- Examples: Band-Aid Liquid Bandage, New Skin, Curad Spray Bandage, and 3M No Sting Liquid Bandage Spray.
What is Tetanus?
- It is a rare infection caused by bacteria found in places like dirt and soil. These bacteria enter through a break in the skin. They then spread through the body.
- Tetanus is often called "lock jaw." The first symptom is a tightening of the muscles of the face. The final stage of the infection is much more serious. All of the body and breathing muscles go into severe spasm. A person with a tetanus infection can lose the ability to breathe. Even with treatment in a hospital, a person can die from tetanus.
- A tetanus shot protects a person from getting tetanus. It can also protect a person from other kinds of infections.
When Does an Adult Need a Tetanus Shot?
- Clean Cuts and Scrapes: Tetanus shot needed every 10 years. People with clean wounds who have had a full series (3 or more shots) will need a booster every 10 years. Minor wounds include a surface scrape or a cut sustained while washing dishes. If a shot is needed, get it within 72 hours.
- Dirty Cuts and Scrapes: Tetanus shot needed every 5 years. People with dirty wounds need a booster every 5 years. Dirty wounds include those contaminated with soil, feces, and saliva. They also include more serious wounds from deep punctures, crushing, and burns. Get a shot within 72 hours. When in doubt, assume that the wound is dirty.
When to call your doctor
Call 911 Now (you may need an ambulance) If
- Major bleeding (nonstop bleeding or spurting)
- Knife wound (or other deep cut) to the chest, stomach, back, neck, or head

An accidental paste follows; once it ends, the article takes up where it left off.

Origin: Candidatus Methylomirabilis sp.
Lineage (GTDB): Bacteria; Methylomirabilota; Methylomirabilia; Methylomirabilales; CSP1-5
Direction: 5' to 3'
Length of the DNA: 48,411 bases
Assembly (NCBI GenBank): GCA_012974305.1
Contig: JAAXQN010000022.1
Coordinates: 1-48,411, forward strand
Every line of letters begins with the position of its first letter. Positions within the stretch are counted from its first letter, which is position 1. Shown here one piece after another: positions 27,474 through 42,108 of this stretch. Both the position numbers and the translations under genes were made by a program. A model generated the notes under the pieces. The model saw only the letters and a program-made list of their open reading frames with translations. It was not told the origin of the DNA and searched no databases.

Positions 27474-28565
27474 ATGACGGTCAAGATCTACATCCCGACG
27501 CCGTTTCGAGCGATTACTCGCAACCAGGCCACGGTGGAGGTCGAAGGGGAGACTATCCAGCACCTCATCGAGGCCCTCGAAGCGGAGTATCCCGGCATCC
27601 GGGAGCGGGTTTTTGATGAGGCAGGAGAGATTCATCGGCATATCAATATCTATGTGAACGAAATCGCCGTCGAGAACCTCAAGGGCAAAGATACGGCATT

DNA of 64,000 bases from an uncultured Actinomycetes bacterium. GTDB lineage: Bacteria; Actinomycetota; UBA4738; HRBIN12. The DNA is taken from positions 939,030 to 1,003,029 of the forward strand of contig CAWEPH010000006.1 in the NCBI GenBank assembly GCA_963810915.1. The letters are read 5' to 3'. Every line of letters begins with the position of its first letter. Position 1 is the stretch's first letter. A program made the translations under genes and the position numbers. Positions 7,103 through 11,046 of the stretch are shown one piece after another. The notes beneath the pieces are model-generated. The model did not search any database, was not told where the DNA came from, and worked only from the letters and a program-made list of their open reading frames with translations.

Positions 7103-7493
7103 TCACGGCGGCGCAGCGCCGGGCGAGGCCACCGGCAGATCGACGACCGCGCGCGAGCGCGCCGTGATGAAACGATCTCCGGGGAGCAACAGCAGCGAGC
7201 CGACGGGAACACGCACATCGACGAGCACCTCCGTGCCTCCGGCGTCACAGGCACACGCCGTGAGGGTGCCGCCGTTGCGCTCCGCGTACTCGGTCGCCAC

- Note: For bleeding, see First Aid
- You think you have a life-threatening emergency
Call Your Doctor Now (night or day) If
- You think you have a serious injury
- Severe pain
- Bleeding that won't stop after 10 minutes of direct pressure
- Cut causes numbness or loss of feeling
- Cut causes weakness (can't move finger or toe)
- Cut is very deep (can see bone or tendons)
- Cut is split open or gaping and may need stitches
- Dirt in the wound is not gone after 15 minutes of scrubbing
- Skin loss from bad scrape goes very deep
- Skin loss involves greater than 10% of body surface (the hand's surface equals 1% of body surface)
- High pressure injection injury such as a paint gun; usually at work
- Cut or scrape has redness, a red streak, or pus
Call Your Doctor Within 24 Hours (between 9 am and 4 pm) If
- You think you need to be seen
- Several bruises occur without any known injury
- Very large bruise follows a minor injury (2 inches or wider, 5 cm or wider)
- Diabetic with any cut or scrape on foot
Call Your Doctor During Weekday Office Hours If
- You have other questions or concerns
- Last tetanus shot was more than 10 years ago (5 years for dirty cuts and scrapes)
Self Care at Home If
- Minor cut, scrape, or bruise
CARE ADVICE FOR MINOR CUT, SCRAPE, OR BRUISE
- What You Should Know:
- Cuts and scrapes are types of skin wounds. Bruises are the result of injuries that cause blood vessels to leak without breaking the skin.